When I first took up residence there, the managers happened to find out that I was a volunteer researcher at the historical society, and they asked me to find out what information was available about the building called the manor house.
I am always hesitant to inform someone that what had been believed – or at least hoped for – is not historically correct. But being the good people that they are, in this case they were happy to find out the right information.
To begin with, the so-called manor house is a very attractive building, with architecture in keeping with what would have been expected of 19th century construction. From the beginning, though, I had my doubts.
The primary reason for my lack of conviction that the main house used to be a plantation home lay in the fact that it faces a side street, one that would probably not even have been cut many years ago. It is pleasing to the eye, situated just behind a grove of old oaks, and so it looks authentic, except for it facing the wrong way. Any self-respecting plantation owner would certainly have built his main quarters with a direct view of the Gulf.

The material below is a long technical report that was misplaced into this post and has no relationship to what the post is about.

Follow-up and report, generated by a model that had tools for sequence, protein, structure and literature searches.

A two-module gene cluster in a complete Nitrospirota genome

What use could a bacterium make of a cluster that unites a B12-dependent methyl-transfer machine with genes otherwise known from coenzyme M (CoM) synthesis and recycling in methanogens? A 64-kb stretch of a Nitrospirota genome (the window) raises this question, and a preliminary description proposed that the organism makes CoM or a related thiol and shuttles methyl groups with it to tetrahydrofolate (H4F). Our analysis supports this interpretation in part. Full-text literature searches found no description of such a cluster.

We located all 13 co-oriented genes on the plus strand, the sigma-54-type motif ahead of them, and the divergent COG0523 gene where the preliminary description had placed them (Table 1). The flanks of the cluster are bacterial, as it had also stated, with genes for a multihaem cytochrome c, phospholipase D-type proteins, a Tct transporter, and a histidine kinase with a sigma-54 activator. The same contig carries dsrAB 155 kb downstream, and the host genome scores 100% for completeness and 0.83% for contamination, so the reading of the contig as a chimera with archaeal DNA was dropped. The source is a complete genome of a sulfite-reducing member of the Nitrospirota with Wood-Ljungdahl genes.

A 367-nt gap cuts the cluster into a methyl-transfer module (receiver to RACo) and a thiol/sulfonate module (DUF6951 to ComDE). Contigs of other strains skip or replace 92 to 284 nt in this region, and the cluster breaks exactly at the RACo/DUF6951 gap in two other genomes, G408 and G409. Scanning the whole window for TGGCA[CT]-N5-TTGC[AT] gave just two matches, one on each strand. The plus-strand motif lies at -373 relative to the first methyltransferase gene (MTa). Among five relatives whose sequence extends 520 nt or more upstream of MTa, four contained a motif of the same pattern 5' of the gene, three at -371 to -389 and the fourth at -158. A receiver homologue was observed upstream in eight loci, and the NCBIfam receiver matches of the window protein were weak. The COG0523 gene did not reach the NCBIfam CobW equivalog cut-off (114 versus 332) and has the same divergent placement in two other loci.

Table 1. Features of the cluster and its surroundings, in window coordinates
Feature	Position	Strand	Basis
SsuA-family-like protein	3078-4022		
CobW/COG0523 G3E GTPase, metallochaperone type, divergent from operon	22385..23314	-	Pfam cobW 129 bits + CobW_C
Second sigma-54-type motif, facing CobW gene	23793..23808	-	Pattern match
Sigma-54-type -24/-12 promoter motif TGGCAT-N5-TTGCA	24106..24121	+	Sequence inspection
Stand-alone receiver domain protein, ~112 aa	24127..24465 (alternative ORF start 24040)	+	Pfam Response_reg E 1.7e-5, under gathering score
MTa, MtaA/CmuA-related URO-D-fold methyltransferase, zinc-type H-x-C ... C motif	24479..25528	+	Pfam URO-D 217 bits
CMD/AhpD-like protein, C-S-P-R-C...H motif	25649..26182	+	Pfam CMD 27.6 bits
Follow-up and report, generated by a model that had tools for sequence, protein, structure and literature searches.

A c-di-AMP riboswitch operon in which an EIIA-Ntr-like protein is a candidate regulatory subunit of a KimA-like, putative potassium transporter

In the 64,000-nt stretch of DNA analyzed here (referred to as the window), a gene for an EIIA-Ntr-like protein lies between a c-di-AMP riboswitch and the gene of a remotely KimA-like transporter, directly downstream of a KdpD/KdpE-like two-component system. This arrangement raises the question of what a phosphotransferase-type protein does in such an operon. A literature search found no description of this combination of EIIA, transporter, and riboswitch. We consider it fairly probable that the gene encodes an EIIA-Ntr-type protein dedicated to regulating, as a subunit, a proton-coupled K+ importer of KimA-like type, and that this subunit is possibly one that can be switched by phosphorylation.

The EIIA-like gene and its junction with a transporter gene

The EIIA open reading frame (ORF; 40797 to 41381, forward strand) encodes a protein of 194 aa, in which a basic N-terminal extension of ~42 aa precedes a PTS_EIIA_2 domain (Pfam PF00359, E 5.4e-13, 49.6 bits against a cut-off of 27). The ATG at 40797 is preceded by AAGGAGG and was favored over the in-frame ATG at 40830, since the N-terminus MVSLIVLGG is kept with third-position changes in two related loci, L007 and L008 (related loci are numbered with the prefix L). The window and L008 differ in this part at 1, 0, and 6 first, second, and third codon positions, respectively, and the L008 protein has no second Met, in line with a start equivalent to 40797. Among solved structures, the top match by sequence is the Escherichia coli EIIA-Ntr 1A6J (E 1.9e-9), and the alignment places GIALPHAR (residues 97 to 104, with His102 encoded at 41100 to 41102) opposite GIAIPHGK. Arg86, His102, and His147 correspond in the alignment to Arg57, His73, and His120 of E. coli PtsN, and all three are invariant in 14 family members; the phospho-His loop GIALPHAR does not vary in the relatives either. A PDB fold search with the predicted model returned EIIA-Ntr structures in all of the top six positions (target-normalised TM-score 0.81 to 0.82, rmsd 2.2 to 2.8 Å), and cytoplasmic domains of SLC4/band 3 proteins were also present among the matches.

A simple checking of our standing files disclosed that in the first half of the 20th century it was called the O.J. Key house. That in itself was an exciting find, for having been somewhat a fan of Tulane sports in my younger years, I recognized that name. Key, even now, is still honored in Tulane’s halls. He was a great athlete and a star football player, still holding – as far as I can tell – the record for the longest punt in Tulane history.
Initially recruited by Frank Leahy for Notre Dame, Key enlisted to serve his country in World War II. After release from service, he enrolled at Tulane. There, he became a star half back. The punt record is for 87 yards against Florida on October 5, 1946.